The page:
Page  321 ï~~In order to construct a complete library of paired filter coefficients, we start with two independent random number sequences (A and B) whose amplitude values are scaled to the range of +n to -i. The process of creating the library varies with the specified correlation measure, 9'. The library can be constructed in the following steps (as paraphrased from [Wilde, et al. 1989]): 1) S2' = + 1. Only one of the A or B scaled sequences is used as the phase specification for both the left and right channel. Coupled with each of these identical left and right channel phase specifications is a unity magnitude specification. Each of these two pairs of magnitude and phase specifications in the frequency domain is then inverse Fourier transformed generating the two sets of FIR coefficients, hl(nT) and h2(nT). The correlation measure of hl(nT) and h2(nT) is + 1. 2) S2' = -1. One of either the A or B sequences is again used as the phase specification for the left channel while n is added to that same sequence and used as the right channel phase specification. These two phase specifications are each coupled with a unity magnitude, and each of these two pairs of magnitude and phase specifications are inverse Fourier transformed to create the two sets of FIR coefficients, hl(nT) and h2(nT). The correlation measure of h l(nT) and h2(nT) is -1. 3) S2' = 0. The scaled A sequence is the left channel phase specification and the scaled B sequence is the right channel specification. Coupling each of those sequences with a unity magnitude spectrum and inverse Fourier transforming both pairs of frequency domain specifications yields the two sets of coefficients. The correlation measure of hl(nT) and h2(nT) is very near to0. For all remaining correlation levels, the two scaled sequences A and B are first summed to form the left channel phase specification. (Note that if a phase value should exceed trd, it is "wrapped" back around into the range +/- n.) 4)_0< Q2' < 1. Sequence A is weighted by a scaling coefficient, k, before being summed with the full-scale B sequence to become the right phase specification. The value of k is limited to the range 0 < k < 1, and is dependent upon the desired output correlation level. Coupling these two phase specifications with unity magnitude spectra, and inverse Fourier transforming each of the pairs of frequency domain sequences yields two sets of coefficients. The correlation measure of hl(nT) and h2(nT) is very near to + k. 5) 0 > S2' > -1. Sequence A is again weighted by some scaling coefficient, k. But unlike the procedure for positive correlation levels, 7n is added to the A sequence before being summed with the B sequence to become the right phase specification. Coupling these two phase specifications with unity magnitude spectra and inverse Fourier transforming both pairs of the frequency domain specifications yields two sets of coefficients. The correlation measure of hl(nT) and h2(nT) is very near to - k. Building a library of multi-channel FIR filter coefficients with correlation measures near zero. It is easy to see from the above description that three or more channels with correlation measures near zero are easily constructed as in step 3 by the use of three or more independent random number sequences. A library that can support N channels of output will contain coefficients for N filters. The library is created by starting with N independentrandomnumbersequences (A1, A2,Â~..., AN) whose amplitude values are scaled to the range of +n to -a. The scaled A 1 sequence is the phase specification for the first filter, the scaled A2 sequence is the phase specification for the second filter, and soon. Coupling each of those sequences with a unity magnitude spectrum and inverse Fourier transforming both magnitude and phase specifications yields N sets of coefficients, h 1(nT) through hN(nT). A illustration of this technique for use with a monophonic input and multiple output channels is shown in Figure 2. The output of the FIR filters, y 1(nT) through yN(nT), is the convolution of the input signal with each coefficientsequence: Y(nT)=x(nT) *h1(nT)through YN(nT) = x(nT) * hN(nT). The correlation measure of the output of any pair of filters will be very near to zero. Limitations and perceptual concerns. This particular method for constructing the libraries of coefficients attempts to avoid any alterations in the timbre of input sound by maintaining constant magnitude across frequency. This is not as easy as it first appar. The points speified in the frequency domain for magnitude and phase are ICMC Proceedings 1994 321 Audio Signal Processing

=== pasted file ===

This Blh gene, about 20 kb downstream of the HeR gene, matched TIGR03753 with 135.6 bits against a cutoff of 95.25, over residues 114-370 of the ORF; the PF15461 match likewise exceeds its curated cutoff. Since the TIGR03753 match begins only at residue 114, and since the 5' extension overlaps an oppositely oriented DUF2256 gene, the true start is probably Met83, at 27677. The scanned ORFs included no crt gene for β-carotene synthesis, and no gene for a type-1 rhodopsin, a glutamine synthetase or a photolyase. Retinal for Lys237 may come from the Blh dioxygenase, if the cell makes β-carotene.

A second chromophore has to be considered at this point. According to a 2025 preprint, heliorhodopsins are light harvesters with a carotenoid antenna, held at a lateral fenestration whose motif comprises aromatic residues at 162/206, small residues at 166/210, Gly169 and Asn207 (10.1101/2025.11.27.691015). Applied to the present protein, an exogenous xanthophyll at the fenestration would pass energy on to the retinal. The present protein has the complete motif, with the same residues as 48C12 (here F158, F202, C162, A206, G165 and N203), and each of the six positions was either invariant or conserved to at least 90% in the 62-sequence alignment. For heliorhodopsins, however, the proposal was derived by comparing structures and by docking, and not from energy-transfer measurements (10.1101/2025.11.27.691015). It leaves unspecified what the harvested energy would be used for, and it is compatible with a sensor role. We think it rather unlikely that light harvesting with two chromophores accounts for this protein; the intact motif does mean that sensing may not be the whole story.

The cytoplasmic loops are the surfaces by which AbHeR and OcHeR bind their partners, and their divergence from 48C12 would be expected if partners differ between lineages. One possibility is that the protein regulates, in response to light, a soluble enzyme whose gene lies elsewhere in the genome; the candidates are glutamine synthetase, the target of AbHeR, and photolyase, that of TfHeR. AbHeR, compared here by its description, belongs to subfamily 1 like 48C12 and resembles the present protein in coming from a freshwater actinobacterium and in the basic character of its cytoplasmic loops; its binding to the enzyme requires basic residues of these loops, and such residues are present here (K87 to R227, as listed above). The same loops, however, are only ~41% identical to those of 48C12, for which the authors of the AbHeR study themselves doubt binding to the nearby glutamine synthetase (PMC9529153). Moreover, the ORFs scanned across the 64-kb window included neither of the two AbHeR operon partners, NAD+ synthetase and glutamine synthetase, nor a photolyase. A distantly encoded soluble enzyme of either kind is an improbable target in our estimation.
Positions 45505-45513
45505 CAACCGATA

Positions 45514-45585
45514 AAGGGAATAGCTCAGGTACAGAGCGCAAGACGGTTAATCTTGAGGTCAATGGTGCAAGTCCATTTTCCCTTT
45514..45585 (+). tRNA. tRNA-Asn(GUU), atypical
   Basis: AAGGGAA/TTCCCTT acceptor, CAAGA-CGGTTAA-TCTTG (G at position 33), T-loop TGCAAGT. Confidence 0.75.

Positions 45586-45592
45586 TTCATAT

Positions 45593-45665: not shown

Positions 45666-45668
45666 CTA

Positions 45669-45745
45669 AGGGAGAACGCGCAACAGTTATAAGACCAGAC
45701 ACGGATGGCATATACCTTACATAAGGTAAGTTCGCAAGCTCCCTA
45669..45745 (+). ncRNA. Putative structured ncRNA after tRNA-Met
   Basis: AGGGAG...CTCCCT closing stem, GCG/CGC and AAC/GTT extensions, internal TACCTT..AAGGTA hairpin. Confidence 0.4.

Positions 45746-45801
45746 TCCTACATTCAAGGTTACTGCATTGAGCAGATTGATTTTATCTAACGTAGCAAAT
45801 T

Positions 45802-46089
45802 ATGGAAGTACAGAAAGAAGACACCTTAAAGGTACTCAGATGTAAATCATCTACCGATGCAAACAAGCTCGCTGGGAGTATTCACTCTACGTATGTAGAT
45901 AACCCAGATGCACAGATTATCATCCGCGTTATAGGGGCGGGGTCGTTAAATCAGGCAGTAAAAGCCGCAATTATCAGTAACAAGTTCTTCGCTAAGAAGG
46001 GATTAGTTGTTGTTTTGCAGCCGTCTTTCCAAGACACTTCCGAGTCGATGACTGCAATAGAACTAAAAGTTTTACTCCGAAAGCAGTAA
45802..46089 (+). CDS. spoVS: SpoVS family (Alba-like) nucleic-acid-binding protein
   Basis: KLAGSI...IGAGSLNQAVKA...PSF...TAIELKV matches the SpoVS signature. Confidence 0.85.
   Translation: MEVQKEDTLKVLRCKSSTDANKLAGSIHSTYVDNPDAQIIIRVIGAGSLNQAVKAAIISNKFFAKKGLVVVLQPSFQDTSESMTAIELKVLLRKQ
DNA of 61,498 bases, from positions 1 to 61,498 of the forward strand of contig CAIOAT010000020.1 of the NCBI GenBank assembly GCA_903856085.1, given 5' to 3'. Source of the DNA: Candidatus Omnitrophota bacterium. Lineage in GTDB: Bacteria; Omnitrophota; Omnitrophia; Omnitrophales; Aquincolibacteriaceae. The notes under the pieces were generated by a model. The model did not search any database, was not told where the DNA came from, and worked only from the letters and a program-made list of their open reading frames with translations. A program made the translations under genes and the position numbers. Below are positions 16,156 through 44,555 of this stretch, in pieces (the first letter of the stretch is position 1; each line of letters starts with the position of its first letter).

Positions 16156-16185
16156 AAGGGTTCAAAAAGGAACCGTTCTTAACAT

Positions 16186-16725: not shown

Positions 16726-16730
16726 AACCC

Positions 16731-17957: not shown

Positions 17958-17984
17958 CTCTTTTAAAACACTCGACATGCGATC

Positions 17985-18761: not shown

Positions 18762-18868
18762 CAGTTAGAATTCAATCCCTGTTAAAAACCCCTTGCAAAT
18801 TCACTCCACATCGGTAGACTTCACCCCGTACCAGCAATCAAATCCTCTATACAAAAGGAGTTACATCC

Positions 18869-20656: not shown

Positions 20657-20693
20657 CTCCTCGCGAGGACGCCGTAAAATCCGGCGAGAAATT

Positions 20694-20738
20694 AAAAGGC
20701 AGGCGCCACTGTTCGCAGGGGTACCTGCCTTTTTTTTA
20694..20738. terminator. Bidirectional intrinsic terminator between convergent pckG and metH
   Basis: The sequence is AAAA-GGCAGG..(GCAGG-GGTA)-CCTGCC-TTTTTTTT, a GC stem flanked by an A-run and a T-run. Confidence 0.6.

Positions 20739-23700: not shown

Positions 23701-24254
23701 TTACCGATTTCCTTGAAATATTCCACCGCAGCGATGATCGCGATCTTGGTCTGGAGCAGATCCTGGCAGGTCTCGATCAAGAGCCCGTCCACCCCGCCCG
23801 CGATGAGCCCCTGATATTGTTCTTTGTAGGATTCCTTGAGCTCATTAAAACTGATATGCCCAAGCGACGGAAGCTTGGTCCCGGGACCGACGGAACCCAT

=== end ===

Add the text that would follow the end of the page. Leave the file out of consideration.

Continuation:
Page  322 ï~~linearly spaced in frequency and the magnitude spectrum that results from using the inverse Fast Fourier Transform to produce the FIR coefficients will not be constant in between the specified frequency points. Therefore, one expects that timbral neutrality is improved by specifying a higher number of points and producing a higher number of coefficients. However, the number of coefficients is approximately twice the number of points specified in the frequency domain and the temporal duration of the filter's impulse response must be shorter than around 20 msec. in order to avoid diffusion in the time domain which smears the transient properties of the input signal. Timbre obviously depends on the temporal aspects of the source signal as well as the spectral. Consider too that the magnitude of the potential phase shift on low-frequency components of the input signal is diminished by decreasing the number of coefficients. Consequently, for any given sampling rate, there is a tradeoff between timbral neutrality and the saliency at low frequencies. Practical experience has shown that sound sources that contain significant transient information (like speech) must be processed with fewer coefficients. Experience has also shown that timbral coloration is less noticeable when applied to the individual tracks rather than to an entire mix. (An alternative method for constructing the frequency domain specification in terms of auditory critical bands was found to improve timbral neutrality, but a complete description is beyond the scope of this paper.) Another limitation on the filter design is that the finite length of the random number sequences causes the match of the prescribed correlation measure to that measured with the output signals to be imprecise. A practical solution was found by generating several candidate filter pairs with different root random number sequences and selecting the pairs that produced the best match to the prescribed correlation measures. Then too, when the input is processed so as to create a correlation measure near zero or within the range between positive.4 to negative.4, the actual crosscorrelation function may exhibit positive and negative peaks with similar absolute magnitude. The auditory system does not discriminate very well among correlation measures near zero and so the variance between prescribed and measured correlation is of little consequence. The auditory system easily discriminates among correlation measures near positive and negative one and here the match between prescribed and measured correlation is quite good. IV. The Effects of Multi-Channel Signal Decorrelation in Audio Reproduction A. Effect #1: Elimination of the perception of constructive and destructive interference Constructive and destructive interference may affect listening in a variety of audio circumstances. In room acoustics, strong reflection paths often lead to interference patterns that are perceived as part of the acoustic character of a room. In sound reinforcement, multiple loudspeakers and loudspeaker stacks create interference patterns that can be heard especially clearly when.the listener is moving in relationship to the loudspeakers. In both these cases, acoustic waves of a single sound source (whether acoustic or recorded) arrive at different times and with different intensities. The composite magnitude spectrum will exhibit spectral peaks and notches that result from the constructive and destructive interference of the acoustic waves. The frequency of these peaks and notches is dependent on the difference in arrival times of the acoustic signals at the measurement position. When the arrival of these multiple acoustic waves is integrated into a single perceptual event by the listener, the acoustic constructive and destructive interference gives rise to two interrelated perceptual qualities, "coloration" and "combing". Although these terms are often used by professionals with a variety of meanings, "coloration" will be used here to mean changes in the overall perceived spectral shape or equalization of a sound and "combing" will be used to mean the induction of a pitch percept by the delay of a replicant signal. An important constraint on the detection of changes in coloration is that spectral alterations will only be detected when the average across critical bands exceeds a differential threshold. That is say that there have to be significant changes in the smoothed spectral envelope. On the other hand, the perception of combing seems to result from the auditory system's particular proficiency at picking up the temporal periodicity between the original and delayed signals from which it creates a pitch percept. Both coloration and combing can be eliminated when the delayed signals are decorrelated from the leading signal. When the decorrelated signal has random phase changes spaced more closely than critical bands, the resulting, composite magnitude spectrum will exhibit spectral peaks and notches which are narrower than a critical band and the smoothed spectral envelope is much more likely to retain its original shape. Combing itself is impossible with decorrelated signals because the decorrelated signal is smeared in time and the temporal periodicity between the original and delayed signal varies with frequency. It is interesting to note that acoustic constructive and destructive interference still is present, but the perceptual effects are eliminated. Implementation of the decorrelation can follow Figure 1 for stereo loudspeaker reproduction and FHgure 2 for multiple loudspeaker reproduction. Audio Signal Processing 322 ICMC Proceedings 1994